DOJ seeks forfeiture of more than $1 billion allegedly laundered From Malaysian Sovereign Wealth Fund

The Department of Justice (DOJ) has filed a series of 16 civil forfeiture complaints in U.S. District Court in the Central District of California to recover more than $1 billion in assets linked to funds that were allegedly stolen from a Malaysian sovereign wealth fund, the 1Malaysia Development Berhard, or 1MDB. According to the complaints, high-level 1MDB officials and their associates – including the prime minister of Malaysia, who set up the fund in 2009 to boost the Malaysian economy – looted more than $3.5 billion from the fund and then laundered those funds through a series of shell companies with bank accounts in Singapore, Switzerland, Luxembourg and the United States. The funds were used to purchase interests in luxury assets in the United States, including The Wolf of Wall Street movie, artworks by Vincent Van Gogh, a Bombardier aircraft, and real estate in New York and Beverly Hills. The complaints also implicate the Malaysian prime minister’s son, who co-owns the production company that made The Wolf of Wall Street.

We can expect the lawsuits to be heavily litigated and showcase the many challenges that parties face in these types of cases. Tracing assets through multiple shell companies and multiple banks in multiple jurisdictions is notoriously difficult because it requires extensive documentation and bank records – records that many jurisdictions are loath to divulge. More difficult still may be the task of proving that the funds were stolen in the first place, as the proof of the Malaysian officials’ corruption may reside in the hands of the accused. Perhaps in recognition of these evidentiary difficulties, the government has elected to proceed with civil rather than criminal forfeiture. The government also currently seeks only forfeiture and does not seek to impose penalties under U.S. anti-money laundering laws 18 U.S.C. §§ 1956 and 1957. The failure to plead a violation under section 1956 is particularly striking because the case seems tailor-made for section 1956(c)(7)(B)(iv)’s prohibition of the laundering of the proceeds of official corruption. Continue Reading

Second Circuit Microsoft Decision May Change International Investigations and Cloud Computing Architecture, But Perhaps Not In the Way Many Think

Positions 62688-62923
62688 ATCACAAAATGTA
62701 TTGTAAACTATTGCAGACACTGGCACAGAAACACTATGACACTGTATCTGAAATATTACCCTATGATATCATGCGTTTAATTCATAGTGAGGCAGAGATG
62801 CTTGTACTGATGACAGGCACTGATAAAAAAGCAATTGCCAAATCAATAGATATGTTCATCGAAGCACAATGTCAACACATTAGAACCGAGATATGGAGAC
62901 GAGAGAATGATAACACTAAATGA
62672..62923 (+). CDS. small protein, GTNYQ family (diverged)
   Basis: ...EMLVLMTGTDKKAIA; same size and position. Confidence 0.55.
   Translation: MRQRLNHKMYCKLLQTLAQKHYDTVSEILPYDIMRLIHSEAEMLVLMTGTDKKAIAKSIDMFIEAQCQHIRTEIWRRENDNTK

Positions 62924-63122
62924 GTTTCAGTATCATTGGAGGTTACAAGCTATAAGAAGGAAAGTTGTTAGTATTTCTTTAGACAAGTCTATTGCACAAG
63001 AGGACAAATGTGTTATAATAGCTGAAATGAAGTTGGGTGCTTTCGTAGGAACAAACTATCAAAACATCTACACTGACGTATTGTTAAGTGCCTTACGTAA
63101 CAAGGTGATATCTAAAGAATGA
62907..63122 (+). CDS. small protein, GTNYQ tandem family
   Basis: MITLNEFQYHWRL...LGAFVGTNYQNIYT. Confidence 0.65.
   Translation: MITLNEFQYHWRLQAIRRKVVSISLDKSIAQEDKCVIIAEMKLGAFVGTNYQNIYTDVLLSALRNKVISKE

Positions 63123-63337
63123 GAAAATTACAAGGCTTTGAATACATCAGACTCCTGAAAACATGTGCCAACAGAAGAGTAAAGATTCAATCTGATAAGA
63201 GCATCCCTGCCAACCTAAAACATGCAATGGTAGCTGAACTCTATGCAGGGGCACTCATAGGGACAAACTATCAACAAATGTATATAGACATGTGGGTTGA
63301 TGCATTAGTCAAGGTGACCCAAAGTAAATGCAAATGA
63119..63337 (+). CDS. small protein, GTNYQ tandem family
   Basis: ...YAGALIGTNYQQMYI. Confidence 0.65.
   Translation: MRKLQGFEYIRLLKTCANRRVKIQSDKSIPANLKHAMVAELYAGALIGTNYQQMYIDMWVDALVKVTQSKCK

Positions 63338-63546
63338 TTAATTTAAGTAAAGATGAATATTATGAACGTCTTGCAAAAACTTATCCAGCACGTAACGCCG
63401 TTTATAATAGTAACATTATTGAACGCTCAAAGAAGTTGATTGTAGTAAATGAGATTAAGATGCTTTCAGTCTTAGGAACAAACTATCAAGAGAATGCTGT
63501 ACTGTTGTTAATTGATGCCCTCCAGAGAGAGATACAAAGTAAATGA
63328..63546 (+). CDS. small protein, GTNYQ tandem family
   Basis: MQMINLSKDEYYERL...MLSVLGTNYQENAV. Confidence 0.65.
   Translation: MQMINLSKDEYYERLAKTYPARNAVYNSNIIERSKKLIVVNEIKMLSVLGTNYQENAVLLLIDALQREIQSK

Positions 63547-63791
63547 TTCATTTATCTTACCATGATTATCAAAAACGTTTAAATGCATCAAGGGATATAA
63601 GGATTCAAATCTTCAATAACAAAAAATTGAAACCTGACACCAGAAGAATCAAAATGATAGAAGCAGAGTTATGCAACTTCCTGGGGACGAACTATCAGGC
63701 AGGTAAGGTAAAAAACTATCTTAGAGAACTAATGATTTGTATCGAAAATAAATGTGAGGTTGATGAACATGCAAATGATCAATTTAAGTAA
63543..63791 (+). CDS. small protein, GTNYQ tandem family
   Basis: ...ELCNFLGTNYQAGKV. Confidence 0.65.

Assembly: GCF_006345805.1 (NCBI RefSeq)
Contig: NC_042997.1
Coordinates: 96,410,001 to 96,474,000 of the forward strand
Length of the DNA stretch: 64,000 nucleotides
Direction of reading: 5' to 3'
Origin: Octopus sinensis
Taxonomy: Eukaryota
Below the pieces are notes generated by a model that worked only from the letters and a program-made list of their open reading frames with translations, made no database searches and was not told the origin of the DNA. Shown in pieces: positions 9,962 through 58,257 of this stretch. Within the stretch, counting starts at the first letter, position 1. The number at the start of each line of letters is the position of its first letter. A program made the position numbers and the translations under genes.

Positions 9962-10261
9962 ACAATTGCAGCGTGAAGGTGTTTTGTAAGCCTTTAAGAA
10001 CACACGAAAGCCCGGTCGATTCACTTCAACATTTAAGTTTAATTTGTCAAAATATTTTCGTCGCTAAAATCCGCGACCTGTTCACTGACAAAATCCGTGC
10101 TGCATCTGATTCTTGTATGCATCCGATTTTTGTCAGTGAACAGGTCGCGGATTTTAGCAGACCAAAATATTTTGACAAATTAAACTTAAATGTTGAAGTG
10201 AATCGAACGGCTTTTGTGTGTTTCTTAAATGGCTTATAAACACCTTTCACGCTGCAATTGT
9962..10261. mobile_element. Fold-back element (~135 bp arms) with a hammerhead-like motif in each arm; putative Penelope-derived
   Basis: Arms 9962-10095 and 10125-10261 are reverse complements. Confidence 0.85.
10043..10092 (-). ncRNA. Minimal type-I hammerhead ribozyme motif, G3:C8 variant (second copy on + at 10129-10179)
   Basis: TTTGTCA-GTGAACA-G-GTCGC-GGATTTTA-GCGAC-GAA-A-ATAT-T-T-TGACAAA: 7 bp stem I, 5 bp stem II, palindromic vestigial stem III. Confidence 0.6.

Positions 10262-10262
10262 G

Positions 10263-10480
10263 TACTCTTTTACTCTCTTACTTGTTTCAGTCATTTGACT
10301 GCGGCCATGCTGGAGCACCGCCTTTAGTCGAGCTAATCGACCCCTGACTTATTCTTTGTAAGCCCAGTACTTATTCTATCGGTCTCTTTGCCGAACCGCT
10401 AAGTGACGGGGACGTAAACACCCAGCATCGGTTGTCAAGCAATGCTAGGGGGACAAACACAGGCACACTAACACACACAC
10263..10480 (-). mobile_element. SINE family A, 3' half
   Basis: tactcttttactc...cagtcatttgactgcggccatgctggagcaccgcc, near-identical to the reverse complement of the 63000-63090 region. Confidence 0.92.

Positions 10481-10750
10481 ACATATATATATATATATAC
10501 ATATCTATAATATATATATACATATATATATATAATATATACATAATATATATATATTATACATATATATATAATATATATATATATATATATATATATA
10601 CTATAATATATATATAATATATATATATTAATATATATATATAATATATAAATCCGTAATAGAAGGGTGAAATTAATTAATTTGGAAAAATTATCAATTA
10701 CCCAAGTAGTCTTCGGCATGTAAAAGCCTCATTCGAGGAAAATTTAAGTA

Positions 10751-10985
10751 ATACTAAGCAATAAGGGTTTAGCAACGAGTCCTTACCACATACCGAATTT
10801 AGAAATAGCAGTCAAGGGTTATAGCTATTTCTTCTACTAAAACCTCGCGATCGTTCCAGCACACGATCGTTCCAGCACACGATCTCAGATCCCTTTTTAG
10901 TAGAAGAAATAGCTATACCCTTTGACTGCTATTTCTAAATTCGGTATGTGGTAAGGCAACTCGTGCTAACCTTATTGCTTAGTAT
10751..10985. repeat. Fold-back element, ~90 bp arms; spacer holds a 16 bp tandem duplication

information-technology-server-IT-iStock_000075750321_LargeThe Second Circuit’s recent decision in Microsoft Corporation v. United States, No. 14-2985 (2d Cir. July 14, 2016), is a game changer in more ways than one. In direct terms, it held that the government may not, as it has in the past, use a search warrant obtained under the Stored Communications Act, 18 U.S.C. §§ 2701 et seq. (“SCA”), to compel a provider of remote computing services (such as an internet service provider, or “ISP”) to collect and produce emails of its customers that are stored in a computer server located in a foreign country. That holding, if adopted more broadly, could inadvertently free the government to use less burdensome methods to obtain such records. Or, as most expect, it could do the opposite, requiring the government to use a cumbersome treaty process to obtain the records, or in some cases, preventing it from getting the records at all. That result in turn could lead many internet companies offering cloud computing services to move their digital operations offshore. And it may even lead the government to join the many digital privacy advocates seeking an overhaul of decades-old legislation that still governs the government’s policing of online communications.

The SCA is part of the Electronic Communications Privacy Act of 1986 (ECPA), which Congress enacted to extend restrictions on wiretaps of phone calls to cover computer-generated electronic communications, such as emails. While it remains unclear whether the Fourth Amendment applies directly to protect from government searches emails and other communications transmitted through third parties such as internet service providers, the SCA was designed to provide similar protections. Under the SCA, the government can obtain certain “non-content” information (such as the identity of an email account subscriber) via a subpoena, which does not require evidence of a crime or the approval of a judge. However, in order to obtain “content” information (such as emails) that has been in the account for 180 days or less, the government must obtain a search warrant through the usual warrant process, which requires that a judge find probable cause to believe a crime has occurred and that evidence of the crime will be found in the emails. Continue Reading

Can International Arbitrators Order a Country to Stop Criminal Proceedings?

58156458_thumbnailOn July 7, 2016, a UK judge said yes, suspending the extradition of two men to Albania in compliance with an order of a tribunal in an international arbitration those men had brought against the Albanian government. The Albanian government quickly relented, dropping its extradition request and effectively accepting the arbitrators’ dictate.

Hydro S.r.L. v. Albania is an international treaty arbitration brought before the World Bank’s International Centre for the Settlement of Investment Disputes (ICSID). In that case, two Italian companies and their individual owners claim that Albania violated the Italy-Albania bilateral investment treaty by launching various abusive tax investigations and criminal proceedings against them. As with other ICSID arbitrations, the case is being heard by a tribunal of three international arbitrators – prominent international lawyers chosen by the parties and by ICSID. The tribunal’s jurisdiction is based on international treaties, in particular the investment treaty and the ICSID Convention, a multinational agreement of which Italy, Albania, and many other countries are members. Continue Reading